Europe South Asia Asia Pacific Americas Middle East Africa BBC Homepage World Service Education



Front Page

World

UK

UK Politics

Business

Sci/Tech

Health

Education

Sport

Entertainment

Talking Point
On Air
Feedback
Low Graphics
Help

Friday, October 9, 1998 Published at 11:33 GMT 12:33 UK


South African farmers fear widespread attacks

Farmers' demonstration at Government HQ

By BBC South Africa Correspondent, Jeremy Vine


Watch Jeremy Vine's report on the terrified farmers
Brll Meyer is counting his lucky stars. The burly Afrikaner, who has a farm one hour outside Pretoria, came home last month to find his family tied up by armed attackers.

"They took me to the bathroom. I grabbed one around the throat, then crashed through the glass partition into the shower. That was when he shot me."


[ image: Brll Meyer is counting his lucky stars]
Brll Meyer is counting his lucky stars
The bullet passed through Brll's back and came out of his chest - missing his heart by less than one inch. He was taken up a staircase, dazed and bleeding, to the room where the rest of his family were being held - including his two young grandchildren.

"They told me, now we're going to kill you. They held the pistol to my head and fired it. But luckily it jammed."

Very, very luckily. Brll gleefully told me he spent one day in hospital, that was all. When I met his grandchildren, it was clear they were still deeply traumatised. Their mother, Anna, who was not in the farmhouse when the attack happened, had to tell them a piece of our equipment was not a weapon.


[ image: Jeremy Vine:
Jeremy Vine: "This is a crisis for South Africa"
She said, "I feel betrayed - betrayed by the previous government because they've committed so many atrocities that we didn't know about; and betrayed by Mr Mandela's government who led us to believe that we will have a good life, that we will move away from discrimination and build a new rainbow nation. In reality this is not happened. I just feel like leaving South Africa."

The farmers are nearly all white, the attackers nearly all black - so the spate of murders is running scissors through South Africa's fraying social fabric and causing near-panic in rural areas.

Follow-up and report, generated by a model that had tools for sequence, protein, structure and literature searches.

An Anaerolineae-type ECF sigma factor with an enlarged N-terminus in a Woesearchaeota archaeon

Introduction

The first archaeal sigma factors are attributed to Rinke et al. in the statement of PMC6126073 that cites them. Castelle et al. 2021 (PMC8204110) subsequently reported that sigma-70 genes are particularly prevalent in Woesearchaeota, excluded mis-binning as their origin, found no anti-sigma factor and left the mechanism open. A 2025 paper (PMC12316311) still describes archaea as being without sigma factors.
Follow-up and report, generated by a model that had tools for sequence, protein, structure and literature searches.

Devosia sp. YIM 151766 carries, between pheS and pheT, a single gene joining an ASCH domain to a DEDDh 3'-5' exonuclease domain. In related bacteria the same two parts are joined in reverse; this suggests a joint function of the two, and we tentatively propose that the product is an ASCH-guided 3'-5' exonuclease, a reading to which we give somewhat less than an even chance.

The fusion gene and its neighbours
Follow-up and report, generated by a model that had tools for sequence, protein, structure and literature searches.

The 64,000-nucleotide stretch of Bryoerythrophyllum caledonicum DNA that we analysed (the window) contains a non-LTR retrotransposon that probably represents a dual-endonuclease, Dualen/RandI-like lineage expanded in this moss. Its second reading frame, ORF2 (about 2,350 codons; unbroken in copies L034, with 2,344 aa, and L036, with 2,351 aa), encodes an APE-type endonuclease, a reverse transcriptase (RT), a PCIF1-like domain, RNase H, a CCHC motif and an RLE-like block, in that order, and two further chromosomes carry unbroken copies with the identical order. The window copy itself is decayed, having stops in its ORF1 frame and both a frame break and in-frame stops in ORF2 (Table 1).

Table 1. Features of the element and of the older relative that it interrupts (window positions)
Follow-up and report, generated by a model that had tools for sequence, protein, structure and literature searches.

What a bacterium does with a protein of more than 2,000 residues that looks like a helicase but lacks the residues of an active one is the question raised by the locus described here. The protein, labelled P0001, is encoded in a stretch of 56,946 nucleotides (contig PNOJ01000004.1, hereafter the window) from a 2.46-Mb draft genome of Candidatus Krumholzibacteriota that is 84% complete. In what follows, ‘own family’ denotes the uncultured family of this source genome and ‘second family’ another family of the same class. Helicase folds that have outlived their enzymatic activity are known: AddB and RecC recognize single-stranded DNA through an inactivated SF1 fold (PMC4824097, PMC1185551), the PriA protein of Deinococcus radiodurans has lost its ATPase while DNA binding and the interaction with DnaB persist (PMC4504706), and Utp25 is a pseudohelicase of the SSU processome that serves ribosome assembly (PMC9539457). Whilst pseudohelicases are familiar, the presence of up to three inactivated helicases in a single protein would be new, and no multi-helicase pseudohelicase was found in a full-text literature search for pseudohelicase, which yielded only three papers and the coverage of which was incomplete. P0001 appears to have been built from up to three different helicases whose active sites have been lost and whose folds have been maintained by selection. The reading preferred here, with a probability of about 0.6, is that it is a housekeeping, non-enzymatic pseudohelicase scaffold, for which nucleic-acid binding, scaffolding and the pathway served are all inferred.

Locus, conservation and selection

Since Nelson Mandela became president in 1994, there have been more than 2,000 farm attacks, which the South African Agricultural Union says have claimed the lives of 553 farmers. Many go around armed and at night they lock and bar their homes.


[ image: A series of protests lead the way to Saturday's summit]
A series of protests lead the way to Saturday's summit
Some need to search their hearts, though. The longstanding maltreatment of farmworkers - who are paid pittances even today - is one of the reasons cited for the violence. Black labourers, fed up with years of abuse, are said to be taking revenge on their former employers.

In Johannesburg a person can hire a hitman to kill a farmer for $30. In the background are government promises of a transformed country, which look superficial when set against the ongoing daily struggle of millions of poor black people.

On Saturday Nelson Mandela will meet farmers and police for a special summit designed to discuss the killings. Meanwhile the value of farmland in some areas has crashed by half. This is a crisis for South Africa, but it's hard to see a one-day summit solving it.



Advanced options | Search tips




Back to top | BBC News Home | BBC Homepage |




Africa | Americas | Asia-Pacific | Europe | Middle East | South Asia


In this section

Life and death in Orissa

A return to Chechnya

Belgrade Wonderland

Shame in a biblical land

Zambia's amazing potato cure

Whistling Turks

In the face of protest

Spinning the war Russian style

Gore's battle for nomination

Fighting for gay rights in Zimbabwe

A sacking and a coup

Feelings run high in post-war Kosovo